http://www.engineeringnews.co.za/article/ontheair-16022007-2007-02-16-2

On-The-Air (16/02/2007)

Published 16 Feb 07        By: Martin Creamer
Every Friday morning, SAfm's AMLive's radio anchor John Perlman speaks to Martin Creamer, publishing editor of Engineering News and Mining Weekly. Reported here is this Friday's At the Coalface transcript:

Perlman: Power stations very much in people's minds. Something happening in Limpopo Provice, I believe.

Creamer: On-site activity is due to begin in mid-year on this very big R70-billion power station, which is now being referred to as the Lephalale power station. That, of course, takes into account the Alpha and Charlie, which means that this is going to be a six-unit station. The first action will take place in mid 2011 in terms of power generation, so it takes them 48 months from the start of activity on-site to actually build the first unit and there after every nine months you will have another unit coming through, giving you a total of 4 500 MW, which is a very large station, one of our largest ever. At the same time we have got return-to-service stations, the Camden Power station has now returned-to-service, four units each of 200 MW and by the end of the year the other four units will have been recommissioned. That means that by 2010 with Grootvlei and other stations coming into the return to service there will be another 3 600 MW. The only bad news, of course, is that it doesn't look like they will be able to continue to charge only 17c per kilowatt hour and are now talking more in the region of 25c to 30c per kilowatt hour.

Perlman: Martin, let's stay with coal but look at the companies that actually do it. I believe a big BEE transaction coming up.

Creamer: A very large BEE transaction has been concluded. The latest coal BEE, a R7-billion coal BEE, is really going to benefit something like 200 000 people and that is the Anglo Inyosi Coal, which has been concluded. That transaction is taking in a lot of activity at the community level and Deutsche Securities, which was involved in this deal, reports that it will be a very upliftment based and cash will go down to communities from day one. Although the investors will have a long gestation period of 10 to 12 years, the good news is that the communities around which the activities take place will benefit immediately. There are four projects involved, but one operating coal-mine and that is Kriel Colliery, which supplies coal to Eskom, that is the operating asset and then there will be four other projects. The project finance for this will be delivered by Anglo Coal, R15-billion over time, and most of the vendor finance in this very big BEE deal, R7-billion deal, will come from the Anglo American Group. So, probably the broadest-based BEE deal we have had yet with a lot of woman involvement. The 8 200 employees of Anglo Coal already have a massive women complement, something like 12,5% of the 8 200 are women and that is growing. So it is ahead of the mining charter.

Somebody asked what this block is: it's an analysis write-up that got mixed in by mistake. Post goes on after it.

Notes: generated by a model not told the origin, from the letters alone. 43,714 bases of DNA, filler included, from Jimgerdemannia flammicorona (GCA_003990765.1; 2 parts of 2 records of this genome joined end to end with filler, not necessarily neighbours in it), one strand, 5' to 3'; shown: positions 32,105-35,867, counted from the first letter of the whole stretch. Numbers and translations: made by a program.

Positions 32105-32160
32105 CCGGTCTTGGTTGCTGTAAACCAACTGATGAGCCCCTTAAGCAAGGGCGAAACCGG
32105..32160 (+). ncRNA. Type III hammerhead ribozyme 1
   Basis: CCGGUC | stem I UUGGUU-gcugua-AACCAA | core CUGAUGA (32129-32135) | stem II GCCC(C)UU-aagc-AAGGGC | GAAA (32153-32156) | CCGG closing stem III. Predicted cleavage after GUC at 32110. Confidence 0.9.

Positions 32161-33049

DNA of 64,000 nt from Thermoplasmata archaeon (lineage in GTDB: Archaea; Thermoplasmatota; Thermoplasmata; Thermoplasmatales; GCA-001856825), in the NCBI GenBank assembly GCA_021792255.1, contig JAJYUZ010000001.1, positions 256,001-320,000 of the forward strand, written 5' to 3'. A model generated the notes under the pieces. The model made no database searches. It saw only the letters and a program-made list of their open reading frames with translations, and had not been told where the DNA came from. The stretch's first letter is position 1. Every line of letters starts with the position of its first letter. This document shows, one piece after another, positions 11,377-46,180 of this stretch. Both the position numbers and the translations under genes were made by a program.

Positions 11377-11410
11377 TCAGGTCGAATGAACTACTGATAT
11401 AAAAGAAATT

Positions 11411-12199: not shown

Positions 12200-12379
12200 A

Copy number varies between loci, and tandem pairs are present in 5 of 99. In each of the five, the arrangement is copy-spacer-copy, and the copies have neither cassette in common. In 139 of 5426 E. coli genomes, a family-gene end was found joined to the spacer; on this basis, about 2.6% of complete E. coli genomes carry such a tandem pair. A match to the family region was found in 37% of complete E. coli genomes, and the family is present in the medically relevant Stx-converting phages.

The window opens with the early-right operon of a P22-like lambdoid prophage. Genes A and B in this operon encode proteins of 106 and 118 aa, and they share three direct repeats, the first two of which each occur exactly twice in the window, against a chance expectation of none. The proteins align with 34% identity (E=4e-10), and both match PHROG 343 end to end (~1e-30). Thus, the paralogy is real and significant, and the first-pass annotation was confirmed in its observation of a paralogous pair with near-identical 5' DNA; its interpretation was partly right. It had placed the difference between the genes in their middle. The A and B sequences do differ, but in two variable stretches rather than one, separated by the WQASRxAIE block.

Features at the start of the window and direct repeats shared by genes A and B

Perlman: So news from Mpumalanga.

Creamer: Again, on coal. It looks like the on-off Klipspruit coal project is now back in contention and that is a BHP Billiton initiative. BHP Billiton had proposed this under the old order rights, but got caught in the whole change to new-order mining rights. Now they are back into feasibility study for Klipspruit, a R2-billion investment expected there. Once it is in feasibility study with BHP Billiton you can interpret that as having an excellent chance of go-ahead. At the same time there is also activity at the Douglas Middelburg project, which is a R2,4-billion project. So, a lot of energy-coal activity in Mpumalanga in view of Eskom particularly requiring a lot more coal and also export opportunity. BHP Billiton itself has moved its exploration team from Melbourne to Johannesburg. There is a lot of exploration in Africa, activity in the diamond field, Angola and also DRC, with a very early stage aluminium project in mind, possibly for the DRC. Closer to home, due to an acquisition that was made, BHP Billiton now has control of the Corridor Sands project and its feasibility there should end in the next 12 months. There is thus a very good chance of another mineral sands project in neighbouring Mozambique.

Perlman: Well, at the coalface we talk about lots of other things besides coal, but today we talked about just that - coal. Thanks very much. Martin Creamer is publishing editor of Engineering News and Mining Weekly, he'll be back with us at the same time next week.

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